Many entrepreneurs believe the only way to fund a new venture is through traditional loans (e.g., banks or the SBA) or some form of equity investment (e.g., venture capital or angel investors). But there are many other creative ways to secure the start-up funds and working capital necessary to bring a new business into financial viability. Working with complementary parties within your new business's value chain (from materials suppliers and the facilities owner to distribution networks and retail outlets), it is possible to secure capital in nontraditional ways as well.
Securing a physical location for your business introduces you to the first level in your value chain, the facilities owner. I've worked on many deals over the years where the start-up business has subleased space from an established business in the same or a related industry. For instance, a manufacturing business might have 15,000 square feet in its headquarters. You could come in and sublease one 200-square-foot front office and 750 square feet of product storage space in a corner of the warehouse. The established business then charges you a flat rate (generally much lower per square foot than if you secured your own location), and things like the phones, fax machines, PC network, copiers and voice mail are shared within certain preset parameters. Perhaps the established business makes component parts for you or supplies raw materials or customer referrals. Having a smaller and emerging business around is like having another sales rep in the office to generate new customer accounts, because every time you land a contract, the big company is guaranteed a "supply sale" in the deal.
Next, you could negotiate with your distributor to speed up customer payments by offering discounts. For example, your customers could agree to pay C.O.D. in return for a 5 percent discount on their invoices (or a higher discount if paid before the shipment is received). If you have a gross margin that can accommodate such a deduction from the selling price, that would be a great source of front-end working capital. In addition, your sublease may have a three- to four-month grace period (I've seen as much as six months or a year) before sub-rent is due. So if a few of your first sales invoices can be collected early, you can generate some positive cash flow in the early days of operations. Supplier-landlords are sometimes willing to extend 60 to 90 days trade credit on the component parts, knowing that once start-ups get established in their markets, exclusive parts providers' long-term profit prospects are excellent.
If your start-up is subleasing from a larger business, you could also sign a mutual-referral deal. Here's an example of such a deal: A small sheet-metal company sets up subleased space inside the facilities of a larger heating and air company. When the entrepreneur comes across a job too large for his or her capabilities, he or she sends it directly to the larger business and receives a finder's fee. The supplier gives the new company 90 days to pay for duct, insulation and the like. The customers of smaller residential jobs agree to pay 50 percent upfront and the other half when the job is finished, and they receive an overall 10 percent discount on the entire installation. When the larger company comes across a small residential job, it refers the work to the smaller company and gets to sell more supplies. In time, the smaller company could build a solid book of business and move out of the larger company's facility, but maintain an exclusive-supplier and referral arrangement that's a win-win for both companies.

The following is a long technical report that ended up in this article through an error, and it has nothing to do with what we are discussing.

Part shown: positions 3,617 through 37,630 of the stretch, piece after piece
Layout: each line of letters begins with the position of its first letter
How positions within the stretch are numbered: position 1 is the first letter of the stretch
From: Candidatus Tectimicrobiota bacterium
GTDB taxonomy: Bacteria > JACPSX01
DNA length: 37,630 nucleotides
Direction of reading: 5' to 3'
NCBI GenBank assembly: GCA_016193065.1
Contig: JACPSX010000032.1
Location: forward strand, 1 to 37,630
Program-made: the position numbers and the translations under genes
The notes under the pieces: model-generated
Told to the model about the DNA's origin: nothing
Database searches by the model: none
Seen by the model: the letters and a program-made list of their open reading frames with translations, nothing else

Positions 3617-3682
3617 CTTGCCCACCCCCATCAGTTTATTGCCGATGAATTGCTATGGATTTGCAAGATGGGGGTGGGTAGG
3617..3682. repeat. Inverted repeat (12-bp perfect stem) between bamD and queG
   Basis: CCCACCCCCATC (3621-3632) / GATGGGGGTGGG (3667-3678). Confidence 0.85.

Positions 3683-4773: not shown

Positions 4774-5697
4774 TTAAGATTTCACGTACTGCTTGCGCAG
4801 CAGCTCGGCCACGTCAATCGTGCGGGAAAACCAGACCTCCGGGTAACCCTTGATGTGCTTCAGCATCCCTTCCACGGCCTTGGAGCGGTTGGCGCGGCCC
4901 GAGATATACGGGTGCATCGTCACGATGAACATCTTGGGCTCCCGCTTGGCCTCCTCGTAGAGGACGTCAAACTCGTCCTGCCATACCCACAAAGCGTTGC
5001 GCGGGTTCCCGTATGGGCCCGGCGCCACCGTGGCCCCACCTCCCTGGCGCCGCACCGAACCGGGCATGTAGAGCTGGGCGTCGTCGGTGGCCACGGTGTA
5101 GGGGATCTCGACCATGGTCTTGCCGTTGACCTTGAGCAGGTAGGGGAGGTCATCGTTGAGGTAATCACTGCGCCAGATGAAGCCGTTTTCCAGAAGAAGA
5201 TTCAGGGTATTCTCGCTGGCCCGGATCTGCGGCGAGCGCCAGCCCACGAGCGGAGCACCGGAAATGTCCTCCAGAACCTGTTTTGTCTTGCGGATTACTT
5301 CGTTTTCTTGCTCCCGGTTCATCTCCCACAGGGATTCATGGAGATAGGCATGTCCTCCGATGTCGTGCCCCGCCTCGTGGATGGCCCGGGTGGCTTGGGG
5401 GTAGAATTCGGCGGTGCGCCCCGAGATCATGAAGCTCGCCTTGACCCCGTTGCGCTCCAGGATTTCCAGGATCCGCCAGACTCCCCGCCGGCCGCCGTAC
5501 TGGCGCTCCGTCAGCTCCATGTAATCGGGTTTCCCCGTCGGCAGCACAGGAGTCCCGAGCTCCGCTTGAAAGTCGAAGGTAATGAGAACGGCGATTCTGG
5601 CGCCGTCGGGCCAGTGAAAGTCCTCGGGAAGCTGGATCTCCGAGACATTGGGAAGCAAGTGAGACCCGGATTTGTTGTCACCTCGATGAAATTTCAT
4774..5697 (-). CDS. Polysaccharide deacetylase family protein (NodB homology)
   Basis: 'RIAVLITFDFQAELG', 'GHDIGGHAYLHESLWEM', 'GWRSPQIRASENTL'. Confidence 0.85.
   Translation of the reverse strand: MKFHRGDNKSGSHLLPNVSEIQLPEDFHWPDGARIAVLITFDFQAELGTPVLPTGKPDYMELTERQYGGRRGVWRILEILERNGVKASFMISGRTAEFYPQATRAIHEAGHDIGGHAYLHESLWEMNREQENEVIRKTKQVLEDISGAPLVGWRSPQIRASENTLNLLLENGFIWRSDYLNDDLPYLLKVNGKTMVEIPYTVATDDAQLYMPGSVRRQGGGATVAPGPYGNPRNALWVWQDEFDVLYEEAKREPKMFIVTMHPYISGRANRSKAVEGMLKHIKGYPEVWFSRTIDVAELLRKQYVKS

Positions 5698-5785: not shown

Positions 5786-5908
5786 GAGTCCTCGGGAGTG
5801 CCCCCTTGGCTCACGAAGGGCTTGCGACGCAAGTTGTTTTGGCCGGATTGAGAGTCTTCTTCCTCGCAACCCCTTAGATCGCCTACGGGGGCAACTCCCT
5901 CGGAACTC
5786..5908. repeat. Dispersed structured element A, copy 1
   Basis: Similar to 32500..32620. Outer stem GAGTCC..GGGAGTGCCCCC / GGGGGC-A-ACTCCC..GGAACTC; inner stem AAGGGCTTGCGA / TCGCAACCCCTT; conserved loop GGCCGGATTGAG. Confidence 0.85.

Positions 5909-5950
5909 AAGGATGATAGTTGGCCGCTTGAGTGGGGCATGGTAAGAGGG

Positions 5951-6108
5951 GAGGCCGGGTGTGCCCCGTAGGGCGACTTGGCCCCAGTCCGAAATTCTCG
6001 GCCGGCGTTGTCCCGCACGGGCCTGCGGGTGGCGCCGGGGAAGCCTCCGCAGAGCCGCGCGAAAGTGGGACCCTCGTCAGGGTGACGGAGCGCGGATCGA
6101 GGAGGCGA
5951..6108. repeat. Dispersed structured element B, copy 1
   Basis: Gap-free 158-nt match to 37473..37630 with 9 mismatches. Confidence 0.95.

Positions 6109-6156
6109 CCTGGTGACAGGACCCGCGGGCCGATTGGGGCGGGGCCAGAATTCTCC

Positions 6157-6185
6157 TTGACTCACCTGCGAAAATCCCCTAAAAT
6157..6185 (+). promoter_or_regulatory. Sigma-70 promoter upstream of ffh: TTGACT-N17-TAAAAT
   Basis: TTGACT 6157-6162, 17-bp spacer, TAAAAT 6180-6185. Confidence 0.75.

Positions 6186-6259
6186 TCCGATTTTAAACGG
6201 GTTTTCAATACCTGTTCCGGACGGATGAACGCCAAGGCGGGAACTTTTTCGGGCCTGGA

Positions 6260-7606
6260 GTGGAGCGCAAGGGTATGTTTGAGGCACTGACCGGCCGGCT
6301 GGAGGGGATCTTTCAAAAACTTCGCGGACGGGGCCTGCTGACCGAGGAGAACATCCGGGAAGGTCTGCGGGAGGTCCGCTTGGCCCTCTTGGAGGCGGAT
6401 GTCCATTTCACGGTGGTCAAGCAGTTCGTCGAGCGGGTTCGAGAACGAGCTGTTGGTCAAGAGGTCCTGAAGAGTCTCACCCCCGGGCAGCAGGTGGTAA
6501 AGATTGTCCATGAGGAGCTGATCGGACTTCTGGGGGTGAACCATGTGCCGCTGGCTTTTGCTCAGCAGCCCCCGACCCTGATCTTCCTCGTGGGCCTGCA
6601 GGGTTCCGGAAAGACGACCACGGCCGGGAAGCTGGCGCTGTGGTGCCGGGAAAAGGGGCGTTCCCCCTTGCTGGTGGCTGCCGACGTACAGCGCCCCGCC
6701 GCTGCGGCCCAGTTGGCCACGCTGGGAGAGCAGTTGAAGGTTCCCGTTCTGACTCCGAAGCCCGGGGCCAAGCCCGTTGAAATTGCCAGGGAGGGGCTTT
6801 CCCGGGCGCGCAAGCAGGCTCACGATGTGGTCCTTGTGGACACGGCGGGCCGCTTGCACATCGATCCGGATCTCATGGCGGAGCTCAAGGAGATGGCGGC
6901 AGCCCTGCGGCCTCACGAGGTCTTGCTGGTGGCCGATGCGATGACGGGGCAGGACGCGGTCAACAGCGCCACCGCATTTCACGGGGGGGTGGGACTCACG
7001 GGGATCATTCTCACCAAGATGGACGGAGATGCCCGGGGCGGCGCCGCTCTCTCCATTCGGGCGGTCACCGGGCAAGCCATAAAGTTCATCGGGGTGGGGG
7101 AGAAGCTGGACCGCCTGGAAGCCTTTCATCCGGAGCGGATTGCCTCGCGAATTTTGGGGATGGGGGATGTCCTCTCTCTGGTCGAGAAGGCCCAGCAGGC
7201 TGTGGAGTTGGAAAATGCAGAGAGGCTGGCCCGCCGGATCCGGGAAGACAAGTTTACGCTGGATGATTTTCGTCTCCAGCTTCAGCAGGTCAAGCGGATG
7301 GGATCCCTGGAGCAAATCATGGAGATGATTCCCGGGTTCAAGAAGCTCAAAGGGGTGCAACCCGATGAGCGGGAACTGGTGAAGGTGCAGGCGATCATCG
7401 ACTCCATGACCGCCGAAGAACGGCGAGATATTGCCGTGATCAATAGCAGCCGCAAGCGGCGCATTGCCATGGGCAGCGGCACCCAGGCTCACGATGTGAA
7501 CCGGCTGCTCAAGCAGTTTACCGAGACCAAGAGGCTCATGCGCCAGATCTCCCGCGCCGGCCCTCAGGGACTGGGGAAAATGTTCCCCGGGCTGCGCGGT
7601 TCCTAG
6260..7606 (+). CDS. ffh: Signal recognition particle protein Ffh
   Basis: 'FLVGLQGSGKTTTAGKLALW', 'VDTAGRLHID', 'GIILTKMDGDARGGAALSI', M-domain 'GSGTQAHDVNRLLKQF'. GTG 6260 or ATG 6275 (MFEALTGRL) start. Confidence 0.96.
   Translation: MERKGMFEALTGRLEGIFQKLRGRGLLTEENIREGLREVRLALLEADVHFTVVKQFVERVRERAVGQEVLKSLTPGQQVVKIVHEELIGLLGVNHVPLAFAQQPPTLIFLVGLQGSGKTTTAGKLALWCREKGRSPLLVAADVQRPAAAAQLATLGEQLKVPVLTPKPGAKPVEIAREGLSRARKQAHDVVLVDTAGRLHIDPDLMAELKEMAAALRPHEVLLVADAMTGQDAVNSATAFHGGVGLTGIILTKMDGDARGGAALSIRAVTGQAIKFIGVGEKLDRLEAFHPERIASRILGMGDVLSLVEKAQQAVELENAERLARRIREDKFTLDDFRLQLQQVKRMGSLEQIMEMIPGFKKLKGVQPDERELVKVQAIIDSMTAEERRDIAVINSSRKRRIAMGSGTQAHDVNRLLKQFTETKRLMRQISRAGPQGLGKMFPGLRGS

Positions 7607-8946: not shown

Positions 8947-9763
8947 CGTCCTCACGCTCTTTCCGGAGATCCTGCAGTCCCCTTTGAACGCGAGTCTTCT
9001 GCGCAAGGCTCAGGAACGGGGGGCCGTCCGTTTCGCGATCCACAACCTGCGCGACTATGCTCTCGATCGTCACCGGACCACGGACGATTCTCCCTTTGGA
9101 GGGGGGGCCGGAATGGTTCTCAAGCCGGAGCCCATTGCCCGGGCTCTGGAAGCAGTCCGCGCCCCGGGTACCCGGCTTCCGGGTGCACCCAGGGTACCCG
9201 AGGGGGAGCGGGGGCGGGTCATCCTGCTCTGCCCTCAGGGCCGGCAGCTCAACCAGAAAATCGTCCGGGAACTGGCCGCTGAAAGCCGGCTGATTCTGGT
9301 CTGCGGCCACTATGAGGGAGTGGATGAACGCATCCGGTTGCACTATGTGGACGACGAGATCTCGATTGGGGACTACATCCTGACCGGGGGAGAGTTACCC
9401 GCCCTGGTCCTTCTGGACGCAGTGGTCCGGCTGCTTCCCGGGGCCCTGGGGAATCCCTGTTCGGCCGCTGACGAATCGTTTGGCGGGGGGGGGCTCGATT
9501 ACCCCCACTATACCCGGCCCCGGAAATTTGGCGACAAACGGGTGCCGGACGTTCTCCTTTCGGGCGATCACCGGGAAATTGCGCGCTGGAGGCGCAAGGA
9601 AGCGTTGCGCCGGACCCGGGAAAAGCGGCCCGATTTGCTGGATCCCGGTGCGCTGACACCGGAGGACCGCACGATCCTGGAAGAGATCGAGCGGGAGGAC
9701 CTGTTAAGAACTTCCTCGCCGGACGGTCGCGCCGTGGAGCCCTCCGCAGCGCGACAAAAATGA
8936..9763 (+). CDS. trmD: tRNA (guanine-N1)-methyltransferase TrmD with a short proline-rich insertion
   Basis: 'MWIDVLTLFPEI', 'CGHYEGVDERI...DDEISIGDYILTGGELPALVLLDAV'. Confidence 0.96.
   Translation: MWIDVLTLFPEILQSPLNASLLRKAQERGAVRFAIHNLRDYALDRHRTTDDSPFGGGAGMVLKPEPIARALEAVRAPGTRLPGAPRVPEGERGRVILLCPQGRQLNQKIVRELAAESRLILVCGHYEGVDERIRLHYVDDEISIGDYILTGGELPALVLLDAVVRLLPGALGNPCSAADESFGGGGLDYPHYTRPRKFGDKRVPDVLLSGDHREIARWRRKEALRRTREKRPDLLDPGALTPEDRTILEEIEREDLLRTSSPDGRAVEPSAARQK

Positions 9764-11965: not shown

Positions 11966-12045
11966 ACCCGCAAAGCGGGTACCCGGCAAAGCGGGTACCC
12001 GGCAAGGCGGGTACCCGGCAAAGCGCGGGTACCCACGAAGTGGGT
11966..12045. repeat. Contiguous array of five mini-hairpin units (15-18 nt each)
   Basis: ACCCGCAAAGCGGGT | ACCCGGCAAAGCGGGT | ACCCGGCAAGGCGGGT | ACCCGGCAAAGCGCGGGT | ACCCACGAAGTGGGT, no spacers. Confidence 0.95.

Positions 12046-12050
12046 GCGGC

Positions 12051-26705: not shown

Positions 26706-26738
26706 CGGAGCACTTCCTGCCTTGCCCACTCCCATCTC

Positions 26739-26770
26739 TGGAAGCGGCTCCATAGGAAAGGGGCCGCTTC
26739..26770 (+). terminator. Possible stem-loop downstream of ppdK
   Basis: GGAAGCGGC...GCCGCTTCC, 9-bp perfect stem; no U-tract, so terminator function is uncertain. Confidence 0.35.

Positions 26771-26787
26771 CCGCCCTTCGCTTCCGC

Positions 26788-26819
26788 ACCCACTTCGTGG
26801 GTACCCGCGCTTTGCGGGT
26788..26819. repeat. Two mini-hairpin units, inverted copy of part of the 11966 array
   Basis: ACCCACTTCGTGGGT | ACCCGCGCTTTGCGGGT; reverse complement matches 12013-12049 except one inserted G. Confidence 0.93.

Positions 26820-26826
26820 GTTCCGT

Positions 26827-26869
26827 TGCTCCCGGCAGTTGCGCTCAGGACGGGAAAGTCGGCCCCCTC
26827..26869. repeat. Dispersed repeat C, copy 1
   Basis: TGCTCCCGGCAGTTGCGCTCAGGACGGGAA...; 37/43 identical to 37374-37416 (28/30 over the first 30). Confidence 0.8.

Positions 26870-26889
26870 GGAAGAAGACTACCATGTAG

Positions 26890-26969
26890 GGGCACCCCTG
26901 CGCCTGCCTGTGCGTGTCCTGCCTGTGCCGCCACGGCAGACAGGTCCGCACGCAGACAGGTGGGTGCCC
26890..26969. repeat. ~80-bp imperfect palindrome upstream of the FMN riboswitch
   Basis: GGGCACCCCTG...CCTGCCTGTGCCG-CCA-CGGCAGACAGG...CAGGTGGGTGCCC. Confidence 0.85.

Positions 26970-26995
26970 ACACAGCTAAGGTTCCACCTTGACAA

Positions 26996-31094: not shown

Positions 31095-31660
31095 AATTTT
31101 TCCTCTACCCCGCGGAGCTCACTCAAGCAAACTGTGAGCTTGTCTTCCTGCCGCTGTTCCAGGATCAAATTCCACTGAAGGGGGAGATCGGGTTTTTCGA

There might be some nominal cash needed upfront (less than $5,000) for a computer or some printed materials (brochures, letterhead, business cards) that could be charged to a personal credit card. But I have even seen entrepreneurs pick up all kinds of used equipment at less than half the retail price, or get into "no money down" leases that secure top-end equipment with little or no upfront capital investment.
Finding start-up capital comes down to being creative, having something of value to offer potential partners and working hard to secure sales revenues that can jump-start your new venture.
David Newton is professor of entrepreneurial finance at Westmont College in Santa Barbara, California. He is the contributing editor on growth capital for Industry Week Growing Companies and a moderator on small-cap stocks for eRaider.com. His books include Entrepreneurial Ethics(Kendall-Hunt) and How To Be a Small-Cap Investor(McGraw-Hill), named November 1999 book-of-the-month by Money magazine and a 1999 Top 10 book by Forbes. His latest book is How To Be an Internet-Stock Investor (McGraw-Hill). He has written or contributed to more than 80 articles for publications including Entrepreneur, Your Money, Business Week and Solutions, and has been a consultant to emerging, fast-growth entrepreneurial ventures since 1984.
The opinions expressed in this column are those of the author, not of Entrepreneur.com. All answers are intended to be general in nature, without regard to specific geographical areas or circumstances, and should only be relied upon after consulting an appropriate expert, such as an attorney or accountant.
David Newton is a professor of entrepreneurial finance and head of the entrepreneurship program, which he founded in 1990, at Westmont College in Santa Barbara, California. The author of four books on both entrepreneurship and finance investments, David was formerly a contributing editor on growth capital for Industry Week Growing Companies magazine and has contributed to such publications as Entrepreneur, Your Money, Success, Red Herring, Business Week, Inc. and Solutions. He's also consulted to nearly 100 emerging, fast-growth entrepreneurial ventures since 1984.